CLOSE

Now Commenting On:

Percival prepared to call it a career

Percival prepared to call it a career

ANAHEIM -- Troy Percival paid a visit to the Rays' clubhouse on Tuesday and all but announced his retirement.

When asked if he was done, the veteran closer said: "I would venture to say that unless something miraculous happens. There's no need going out when you can't throw more than once in four days."

After going on the 60-day disabled list with right-shoulder tendinitis on May 22, Percival returned to his home in the Anaheim area and rested for three weeks before starting to pay regular visits to a chiropractor and a muscle therapist. He did not throw a ball other than playing catch with his kids.

Eventually he received a call from Andrew Friedman, Rays executive vice president of baseball operations, who told him the Rays could use him. At that point, Percival tried to ramp up his game again to see if anything was left.

"I threw six bullpens over three weeks," Percival said. "Friday, Sunday, Friday, Sunday, Friday, Sunday, and every Sunday was just awful. I could throw OK on Friday, but the Sunday one was awful. It's just not going to work."

Percival said that several times while reflecting in hindsight he has thought he tried to come back from offseason back surgery too soon this season.

"But I knew this was going to be my last year regardless and I didn't want to sit out six to eight months," Percival said. "That would have put me at the halfway point. And I thought I could do it. I guess at 40 it doesn't recover quite like it did.

"When I was younger, I always came back fast and lasted. If you look at any of my numbers [this season], when I had a few days off I was pretty good. And if I pitched a couple of times over four or five days, I would struggle. And that's not real good when you're in the bullpen. It doesn't work out real well."

Rays manager Joe Maddon originally knew Percival when both were in the Angels' organization and Maddon actually helped with Percival's conversion from catcher to pitcher.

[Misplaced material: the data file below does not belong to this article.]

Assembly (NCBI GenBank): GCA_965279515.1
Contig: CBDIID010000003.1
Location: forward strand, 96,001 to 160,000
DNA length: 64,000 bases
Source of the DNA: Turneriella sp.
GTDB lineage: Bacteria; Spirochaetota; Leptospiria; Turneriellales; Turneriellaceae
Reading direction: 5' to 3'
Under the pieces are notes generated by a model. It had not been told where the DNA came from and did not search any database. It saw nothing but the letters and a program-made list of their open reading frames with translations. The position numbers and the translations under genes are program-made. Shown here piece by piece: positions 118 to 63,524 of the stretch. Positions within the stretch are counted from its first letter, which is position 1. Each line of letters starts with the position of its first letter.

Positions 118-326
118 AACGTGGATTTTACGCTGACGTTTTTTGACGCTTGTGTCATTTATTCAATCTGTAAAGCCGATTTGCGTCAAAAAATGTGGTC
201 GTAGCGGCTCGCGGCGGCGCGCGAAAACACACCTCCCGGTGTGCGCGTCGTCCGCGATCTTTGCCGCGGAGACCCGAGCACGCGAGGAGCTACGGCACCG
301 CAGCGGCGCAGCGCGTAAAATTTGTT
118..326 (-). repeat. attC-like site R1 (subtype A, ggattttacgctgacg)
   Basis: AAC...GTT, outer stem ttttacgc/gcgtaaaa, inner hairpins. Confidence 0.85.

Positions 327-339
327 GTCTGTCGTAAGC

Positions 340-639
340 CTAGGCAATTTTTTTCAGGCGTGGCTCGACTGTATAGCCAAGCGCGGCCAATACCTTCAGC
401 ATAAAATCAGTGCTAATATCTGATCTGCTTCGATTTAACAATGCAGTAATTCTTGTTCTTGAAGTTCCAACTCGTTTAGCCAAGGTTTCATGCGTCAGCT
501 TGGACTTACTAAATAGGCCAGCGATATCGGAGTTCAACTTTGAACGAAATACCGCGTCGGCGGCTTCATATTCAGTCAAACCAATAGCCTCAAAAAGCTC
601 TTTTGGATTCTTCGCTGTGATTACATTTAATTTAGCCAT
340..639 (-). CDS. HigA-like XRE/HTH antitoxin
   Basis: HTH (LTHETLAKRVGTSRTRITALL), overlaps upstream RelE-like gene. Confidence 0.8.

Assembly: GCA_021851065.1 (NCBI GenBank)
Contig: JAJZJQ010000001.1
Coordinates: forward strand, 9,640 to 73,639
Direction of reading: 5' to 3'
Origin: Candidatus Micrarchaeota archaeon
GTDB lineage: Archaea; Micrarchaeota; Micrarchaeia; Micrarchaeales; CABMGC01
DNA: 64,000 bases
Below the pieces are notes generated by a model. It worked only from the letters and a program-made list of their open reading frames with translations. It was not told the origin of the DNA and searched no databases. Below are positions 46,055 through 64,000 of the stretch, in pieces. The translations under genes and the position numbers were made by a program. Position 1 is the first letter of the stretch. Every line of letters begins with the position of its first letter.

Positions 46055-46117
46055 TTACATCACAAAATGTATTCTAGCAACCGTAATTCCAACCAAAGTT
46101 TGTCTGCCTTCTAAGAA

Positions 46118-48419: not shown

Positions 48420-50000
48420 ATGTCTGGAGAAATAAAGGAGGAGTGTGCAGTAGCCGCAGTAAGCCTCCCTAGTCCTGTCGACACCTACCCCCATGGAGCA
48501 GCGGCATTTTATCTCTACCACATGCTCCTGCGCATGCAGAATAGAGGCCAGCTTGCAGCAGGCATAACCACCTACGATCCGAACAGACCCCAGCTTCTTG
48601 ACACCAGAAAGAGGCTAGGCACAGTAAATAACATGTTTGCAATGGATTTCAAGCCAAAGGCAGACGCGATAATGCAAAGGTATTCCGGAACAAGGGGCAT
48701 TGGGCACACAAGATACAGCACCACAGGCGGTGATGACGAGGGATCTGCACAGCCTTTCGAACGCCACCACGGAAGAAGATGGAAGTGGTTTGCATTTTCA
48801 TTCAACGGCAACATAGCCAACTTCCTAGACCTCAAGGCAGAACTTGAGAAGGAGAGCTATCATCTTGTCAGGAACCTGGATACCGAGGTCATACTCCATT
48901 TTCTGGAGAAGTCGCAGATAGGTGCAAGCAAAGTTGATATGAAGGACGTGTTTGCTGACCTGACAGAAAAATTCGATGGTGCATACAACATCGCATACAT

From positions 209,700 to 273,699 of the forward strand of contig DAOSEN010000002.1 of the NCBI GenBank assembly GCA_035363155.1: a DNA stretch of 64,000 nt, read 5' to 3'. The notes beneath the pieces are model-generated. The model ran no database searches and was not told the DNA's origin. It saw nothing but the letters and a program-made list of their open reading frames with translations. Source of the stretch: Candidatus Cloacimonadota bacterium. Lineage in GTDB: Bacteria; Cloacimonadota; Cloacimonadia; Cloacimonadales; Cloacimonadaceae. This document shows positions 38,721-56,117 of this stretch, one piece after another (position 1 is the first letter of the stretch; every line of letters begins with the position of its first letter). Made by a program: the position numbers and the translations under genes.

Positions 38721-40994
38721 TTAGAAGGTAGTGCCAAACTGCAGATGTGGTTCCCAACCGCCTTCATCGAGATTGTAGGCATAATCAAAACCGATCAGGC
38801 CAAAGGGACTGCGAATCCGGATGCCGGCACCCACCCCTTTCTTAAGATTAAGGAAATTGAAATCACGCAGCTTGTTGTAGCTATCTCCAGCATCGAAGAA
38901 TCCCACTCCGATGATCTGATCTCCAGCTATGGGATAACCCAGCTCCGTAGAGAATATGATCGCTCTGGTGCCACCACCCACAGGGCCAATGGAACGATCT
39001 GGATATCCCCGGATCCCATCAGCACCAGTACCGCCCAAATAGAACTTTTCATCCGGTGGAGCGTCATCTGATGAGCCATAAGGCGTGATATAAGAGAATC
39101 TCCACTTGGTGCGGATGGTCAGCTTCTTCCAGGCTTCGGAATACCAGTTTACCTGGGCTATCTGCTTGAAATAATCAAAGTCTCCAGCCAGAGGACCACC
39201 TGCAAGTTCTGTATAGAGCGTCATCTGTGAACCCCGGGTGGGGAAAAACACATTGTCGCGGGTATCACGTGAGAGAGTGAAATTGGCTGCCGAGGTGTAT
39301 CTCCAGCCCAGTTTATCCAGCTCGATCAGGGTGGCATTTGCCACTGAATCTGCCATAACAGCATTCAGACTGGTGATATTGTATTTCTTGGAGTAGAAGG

"He's one of the best closers of all time," Maddon said.

Maddon added that a lot of people forget how much Percival did for the Rays in 2008, and how much he had to do with changing the team's culture. Included in his role was helping to mentor the some of the young relievers in the Rays' bullpen like J.P. Howell, who is now the team's closer.

"I told him he could be the guy, that he could do it," Percival said. "Not only that, those guys down there are ready. Last year they needed a little guidance. They needed to see what it takes to get the job done. These guys are awesome now. ... They didn't need me down there anchoring them anymore. And I mean anchoring them."

Percival said he still wishes he were playing, but added: "My mind is clear."

"I know I physically just can't do it," he said.

Percival said he "cherished" his days with the Angels and Cardinals before joining the Rays, adding: "And my time here in Tampa, what we did last year was probably one of the biggest accomplishments I had in my career, just to be a part of that."

But is it safe to say that he is now retired?

"I don't think you're retired until the paperwork is in," Percival said. "But it's safe to say that right now, I just don't see that I'm going to be able to throw a whole lot."

Bill Chastain is a reporter for MLB.com. This story was not subject to the approval of Major League Baseball or its clubs.

{}
{}